• Where a head lease ends on its termination date – any sub-leases (a) having the same termination date also ends on that date, and (b) with a termination date purporting to fall after that of the head lease would be deemed to terminate on the same date as the head lease. Importantly, where a head lease and sub-lease terminate on the same date, the head lease and sub-lease would nevertheless continue automatically by virtue of the post-termination conduct of the parties if (a) the sub-tenant remained in occupation after the termination date, and (b) the head landlord did not take steps to remove the tenant (and therefore the sub-tenant) within a reasonable period following the termination date or otherwise acted inconsistently with the head lease having ended.

  • There should be an implied term in new leases obliging the landlord to repay any rent or other payments made in advance by the tenant which relate to a period falling after the termination date. Repayment would need to be made within ten working days of termination. The implied term would not apply if the lease was terminated by the landlord by irritancy (the Scottish equivalent of forfeiture). At present there is no automatic apportionment of rent / payments in this scenario unless this is expressly covered in the lease, an issue which has been subject to previous litigation.

  • The Commission suggests that landlords should not be entitled to terminate / irritate leases following a monetary breach by the tenant unless, at the same time as or as soon as reasonably practicable after serving any irritancy-related notice, they also serve a copy of the notice on all qualifying heritable creditors. A “qualifying heritable creditor” is one who (a) has a standard security over the lease which has been registered in the Land Register or recorded in the General Register of Sasines before the start of the 10-day period ending with the day on which the notice is served on the tenant, and (b) either has a UK postal address known to the landlord or has provided a UK postal address to the landlord for the purpose of serving the relevant copies. The scope of these provisions is therefore limited to long leases (i.e. leases of over 20 years) as standard securities cannot be granted over short leases. Qualifying heritable creditors will also be entitled to (a) challenge the validity of an irritancy notice, (b) seek to have the irritancy declared invalid where no notice is served, (c) challenge any non-compliance with the provisions of the lease in relation to irritancy, and (d) argue that a fair and reasonable landlord would not have terminated the lease in the circumstances. This is likely to open the door to further litigation risks for landlord exercising their contractual remedies against non-compliant tenants.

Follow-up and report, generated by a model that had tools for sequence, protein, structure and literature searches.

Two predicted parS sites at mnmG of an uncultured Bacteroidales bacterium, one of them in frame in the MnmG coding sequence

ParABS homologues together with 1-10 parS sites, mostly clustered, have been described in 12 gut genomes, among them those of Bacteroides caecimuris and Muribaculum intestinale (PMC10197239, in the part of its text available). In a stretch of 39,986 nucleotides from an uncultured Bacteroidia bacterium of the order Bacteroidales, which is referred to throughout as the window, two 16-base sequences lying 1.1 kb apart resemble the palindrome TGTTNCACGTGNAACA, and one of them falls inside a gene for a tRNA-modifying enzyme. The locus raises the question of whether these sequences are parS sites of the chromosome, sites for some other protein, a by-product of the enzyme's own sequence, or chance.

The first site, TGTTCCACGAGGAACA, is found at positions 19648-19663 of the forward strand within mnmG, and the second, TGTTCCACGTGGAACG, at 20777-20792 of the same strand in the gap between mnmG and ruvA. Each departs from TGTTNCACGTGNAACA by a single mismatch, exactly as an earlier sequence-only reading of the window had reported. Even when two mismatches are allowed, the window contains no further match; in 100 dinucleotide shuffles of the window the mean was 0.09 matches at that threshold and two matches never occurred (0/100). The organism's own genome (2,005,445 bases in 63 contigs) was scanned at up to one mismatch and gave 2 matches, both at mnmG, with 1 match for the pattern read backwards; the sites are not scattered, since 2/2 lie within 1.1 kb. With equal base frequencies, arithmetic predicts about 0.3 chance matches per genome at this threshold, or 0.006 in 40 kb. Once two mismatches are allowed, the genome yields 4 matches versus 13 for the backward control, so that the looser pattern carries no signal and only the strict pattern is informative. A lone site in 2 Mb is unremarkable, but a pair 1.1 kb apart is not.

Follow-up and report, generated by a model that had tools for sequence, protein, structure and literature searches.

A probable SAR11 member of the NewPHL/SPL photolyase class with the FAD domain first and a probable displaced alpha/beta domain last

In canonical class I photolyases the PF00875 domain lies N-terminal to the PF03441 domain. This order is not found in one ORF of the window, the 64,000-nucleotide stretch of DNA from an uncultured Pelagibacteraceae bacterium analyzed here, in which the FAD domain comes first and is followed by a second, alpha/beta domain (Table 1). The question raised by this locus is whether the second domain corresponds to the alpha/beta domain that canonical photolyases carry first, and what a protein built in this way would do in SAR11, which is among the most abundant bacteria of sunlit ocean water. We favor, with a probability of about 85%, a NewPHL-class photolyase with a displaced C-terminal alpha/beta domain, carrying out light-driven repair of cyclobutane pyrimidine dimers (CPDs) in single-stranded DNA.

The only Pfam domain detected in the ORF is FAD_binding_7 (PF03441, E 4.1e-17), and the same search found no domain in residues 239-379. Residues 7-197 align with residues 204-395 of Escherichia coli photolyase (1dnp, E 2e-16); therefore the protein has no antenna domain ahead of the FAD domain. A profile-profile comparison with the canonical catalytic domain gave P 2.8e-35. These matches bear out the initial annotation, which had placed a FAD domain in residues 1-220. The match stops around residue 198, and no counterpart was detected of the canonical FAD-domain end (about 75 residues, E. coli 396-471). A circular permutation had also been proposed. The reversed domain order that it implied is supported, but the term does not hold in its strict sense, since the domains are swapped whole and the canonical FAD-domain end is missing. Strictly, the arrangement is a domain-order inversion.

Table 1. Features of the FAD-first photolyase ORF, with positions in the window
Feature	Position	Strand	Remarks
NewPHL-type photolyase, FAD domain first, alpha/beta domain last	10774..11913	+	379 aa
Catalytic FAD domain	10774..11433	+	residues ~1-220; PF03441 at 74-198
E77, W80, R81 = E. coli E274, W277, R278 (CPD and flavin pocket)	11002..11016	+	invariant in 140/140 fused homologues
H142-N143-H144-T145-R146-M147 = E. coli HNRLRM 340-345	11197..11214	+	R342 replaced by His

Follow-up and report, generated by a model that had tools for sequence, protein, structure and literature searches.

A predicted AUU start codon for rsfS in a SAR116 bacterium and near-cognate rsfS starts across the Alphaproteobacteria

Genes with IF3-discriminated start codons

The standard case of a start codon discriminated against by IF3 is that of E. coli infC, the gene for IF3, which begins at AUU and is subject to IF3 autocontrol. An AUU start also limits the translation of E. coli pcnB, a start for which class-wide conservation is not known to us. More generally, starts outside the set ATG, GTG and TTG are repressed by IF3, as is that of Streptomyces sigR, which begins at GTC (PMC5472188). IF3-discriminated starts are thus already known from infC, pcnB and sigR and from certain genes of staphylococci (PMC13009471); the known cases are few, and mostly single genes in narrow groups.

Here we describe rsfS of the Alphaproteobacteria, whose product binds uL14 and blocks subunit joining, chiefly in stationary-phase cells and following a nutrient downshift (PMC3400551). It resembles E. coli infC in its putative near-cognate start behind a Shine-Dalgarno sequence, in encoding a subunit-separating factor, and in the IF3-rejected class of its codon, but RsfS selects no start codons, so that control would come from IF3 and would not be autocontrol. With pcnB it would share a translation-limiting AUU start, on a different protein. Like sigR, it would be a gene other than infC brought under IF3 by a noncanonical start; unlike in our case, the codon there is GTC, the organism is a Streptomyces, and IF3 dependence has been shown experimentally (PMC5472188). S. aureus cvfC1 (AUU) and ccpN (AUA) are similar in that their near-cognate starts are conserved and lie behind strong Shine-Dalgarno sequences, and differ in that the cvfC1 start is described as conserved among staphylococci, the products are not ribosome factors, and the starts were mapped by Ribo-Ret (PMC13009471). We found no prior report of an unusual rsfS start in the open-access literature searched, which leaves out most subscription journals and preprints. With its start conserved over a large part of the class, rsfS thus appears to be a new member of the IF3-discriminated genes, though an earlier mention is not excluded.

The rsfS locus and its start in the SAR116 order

The Scottish Law Commission’s report shines a light on many of the inadequacies of the current lease termination process in Scotland. Their recommendations – and the draft Leases (Automatic Continuation etc.) Scotland Bill which accompanies the report – provide a path towards a clearer and fairer system offering solutions to many of the current shortcomings and risks. The changes proposed are likely to be largely welcomed by tenants, landlords and institutional investors alike, providing greater certainty and simplicity to commercial leasing in Scotland. That said, it remains to be seen if the Scottish Government will take forward any of the Commissions recommendations.

In anticipation of a final version of the Bill being implemented, both landlords and tenants should be mindful of the possibility of their leases continuing beyond their stated termination date and, where such continuation is not desired, legal advice should be sought at the earliest opportunity to mitigate risks.

The Scottish Law Commission’s report is available here.